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Up In Smoke

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Several times she had complained to a member of the board of education that the district's enforcement of zero tolerance violated the Constitution.

The episode hardened Sherry's hatred of the district's hardball strategy to rid schools of drugs. She had sounded off about both the searches and the drug-testing policy at Windsor faculty meetings. Several times she had complained to John Matthews, a member of the board of education and a friend, that the district's enforcement of zero tolerance violated the Constitution.

On April 4, however, Hearn's words would be tested. After the building lockdown at Windsor, police searched the parking lot with the drug-sniffing dogs. When Chatham County Deputy Sheriff Kevin Street and his dog, Corporal Sonya, passed Hearn's 1980 Oldsmobile sedan, the dog sat—the alert that she detected an illegal substance. Street then allowed Sonya to jump through the car's open window, and she made a beeline for the ashtray. Campus police ran a field test on the hand-rolled cigarette found there and determined it was marijuana.

Inside the building, meanwhile, students released from the lockdown flooded the halls as they reported to third-period classes. A student passing Hearn in the hall told her that a police dog was in her car. She shrugged it off; the dog wouldn't find anything, she told the student. But a few minutes later, as the building was emptying for the bomb threat, an assistant principal hurried up to Hearn. The drug dog had zeroed in on her car, he said.

When Hearn approached the car, she says she saw one of the police officers stuffing items back into her son's book bag, which had been lying on the back seat. Asked to open the trunk, she complied, and Corporal Sonya jumped in, circled, and jumped out. Then police told Hearn about the reefer found in the car's ashtray and escorted her to the office of principal Herman.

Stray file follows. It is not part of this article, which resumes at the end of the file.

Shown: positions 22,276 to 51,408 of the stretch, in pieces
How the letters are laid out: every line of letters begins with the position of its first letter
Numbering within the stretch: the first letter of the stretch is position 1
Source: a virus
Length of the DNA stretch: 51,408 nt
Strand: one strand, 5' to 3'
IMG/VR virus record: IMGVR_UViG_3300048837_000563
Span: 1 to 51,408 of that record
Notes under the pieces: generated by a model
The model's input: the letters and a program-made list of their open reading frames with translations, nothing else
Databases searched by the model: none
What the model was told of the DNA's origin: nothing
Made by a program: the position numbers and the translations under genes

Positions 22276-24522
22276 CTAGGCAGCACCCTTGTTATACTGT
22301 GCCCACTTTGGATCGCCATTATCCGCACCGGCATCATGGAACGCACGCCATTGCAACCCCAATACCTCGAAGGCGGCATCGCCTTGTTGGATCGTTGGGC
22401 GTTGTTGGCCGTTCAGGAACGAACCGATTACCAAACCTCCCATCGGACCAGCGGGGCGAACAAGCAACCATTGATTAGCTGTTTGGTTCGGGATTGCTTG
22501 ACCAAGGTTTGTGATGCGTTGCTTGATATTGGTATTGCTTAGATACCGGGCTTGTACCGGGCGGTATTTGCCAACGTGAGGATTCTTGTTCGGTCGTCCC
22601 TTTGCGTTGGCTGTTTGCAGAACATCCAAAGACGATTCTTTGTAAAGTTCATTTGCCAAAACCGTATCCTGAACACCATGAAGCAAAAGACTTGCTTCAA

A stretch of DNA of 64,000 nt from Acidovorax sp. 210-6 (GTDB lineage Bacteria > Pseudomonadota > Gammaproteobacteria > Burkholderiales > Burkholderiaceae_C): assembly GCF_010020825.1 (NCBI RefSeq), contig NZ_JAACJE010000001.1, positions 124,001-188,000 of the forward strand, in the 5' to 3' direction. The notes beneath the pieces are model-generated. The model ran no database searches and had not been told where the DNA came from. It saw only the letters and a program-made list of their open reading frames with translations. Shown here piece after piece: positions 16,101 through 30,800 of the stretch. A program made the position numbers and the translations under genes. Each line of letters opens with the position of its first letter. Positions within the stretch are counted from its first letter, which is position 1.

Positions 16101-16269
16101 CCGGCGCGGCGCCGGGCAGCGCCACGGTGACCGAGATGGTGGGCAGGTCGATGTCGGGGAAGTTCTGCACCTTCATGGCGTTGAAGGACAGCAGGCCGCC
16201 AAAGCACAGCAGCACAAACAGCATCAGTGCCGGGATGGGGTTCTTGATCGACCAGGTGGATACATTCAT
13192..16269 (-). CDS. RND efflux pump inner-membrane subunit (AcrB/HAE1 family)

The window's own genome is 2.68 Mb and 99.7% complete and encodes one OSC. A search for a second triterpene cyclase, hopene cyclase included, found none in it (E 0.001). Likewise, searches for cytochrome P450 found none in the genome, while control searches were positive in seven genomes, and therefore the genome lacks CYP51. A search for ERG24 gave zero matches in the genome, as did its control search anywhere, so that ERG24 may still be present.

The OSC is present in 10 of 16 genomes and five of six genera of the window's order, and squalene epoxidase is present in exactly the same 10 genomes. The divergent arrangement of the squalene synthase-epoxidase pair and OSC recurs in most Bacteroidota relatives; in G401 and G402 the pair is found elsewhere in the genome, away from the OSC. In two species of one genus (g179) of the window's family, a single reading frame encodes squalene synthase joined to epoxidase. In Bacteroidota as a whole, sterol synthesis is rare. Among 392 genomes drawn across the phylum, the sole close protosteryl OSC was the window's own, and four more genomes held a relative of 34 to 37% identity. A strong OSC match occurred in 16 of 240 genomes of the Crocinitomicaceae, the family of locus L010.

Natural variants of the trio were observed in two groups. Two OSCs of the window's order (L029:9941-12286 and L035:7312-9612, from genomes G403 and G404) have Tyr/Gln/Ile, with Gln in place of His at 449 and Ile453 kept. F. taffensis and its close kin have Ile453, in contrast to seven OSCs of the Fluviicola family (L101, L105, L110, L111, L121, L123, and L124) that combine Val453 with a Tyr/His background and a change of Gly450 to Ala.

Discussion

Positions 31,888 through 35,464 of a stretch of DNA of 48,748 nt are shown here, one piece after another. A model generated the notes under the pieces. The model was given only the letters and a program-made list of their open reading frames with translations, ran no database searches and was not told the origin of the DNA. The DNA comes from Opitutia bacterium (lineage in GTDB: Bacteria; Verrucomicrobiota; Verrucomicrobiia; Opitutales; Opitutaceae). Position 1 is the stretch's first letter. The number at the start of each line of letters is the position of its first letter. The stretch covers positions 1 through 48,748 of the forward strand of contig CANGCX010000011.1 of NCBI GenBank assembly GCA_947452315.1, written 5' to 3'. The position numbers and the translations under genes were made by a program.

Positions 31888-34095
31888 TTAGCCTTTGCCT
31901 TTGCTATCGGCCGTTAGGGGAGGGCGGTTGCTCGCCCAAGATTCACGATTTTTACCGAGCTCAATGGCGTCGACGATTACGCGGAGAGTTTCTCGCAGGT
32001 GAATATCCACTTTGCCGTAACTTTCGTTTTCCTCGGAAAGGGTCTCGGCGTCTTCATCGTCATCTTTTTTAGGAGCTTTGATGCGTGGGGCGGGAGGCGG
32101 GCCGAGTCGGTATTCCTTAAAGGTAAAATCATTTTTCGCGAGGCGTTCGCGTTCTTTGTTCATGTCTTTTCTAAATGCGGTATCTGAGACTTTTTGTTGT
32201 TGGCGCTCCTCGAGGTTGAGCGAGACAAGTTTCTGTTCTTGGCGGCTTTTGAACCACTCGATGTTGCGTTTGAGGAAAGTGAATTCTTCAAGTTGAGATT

When the marijuana was discovered, district policy No. 766, commonly known as the "drug-free workplace" policy, kicked in.

The bomb threat had proved a hoax, but Hearn's situation would not be so easily defused. In Herman's office, Hearn protested that the drug was not hers. She had no idea how the joint got in the ashtray, she explained. One of the electric windows in her car was not working and was stuck open; anyone could have stashed the pot there. Her objections mattered little at that moment, however. When the marijuana was discovered, district policy No. 766, commonly known as the "drug-free workplace" policy, kicked in. With Hearn in her office, principal Herman made several phone calls to central-office administrators to nail down 766's required procedures. Hearn, a deputy superintendent told her, had to report for a drug test within two hours or face possible termination. Herman repeated those words to Hearn and then asked the administrator to confirm that those were the proper instructions. Within minutes, the district sent a fax to the school notifying Hearn of her immediate suspension in accordance with 766.

She repeated her objections to the drug test as a violation of her constitutional rights. Dick would want me to take the test and be done with the mess, she told Herman. But how could I face my students? When Hearn continued to balk at the drug test, a campus police officer read her Miranda rights to her and said that she might be arrested on criminal charges of possession of marijuana.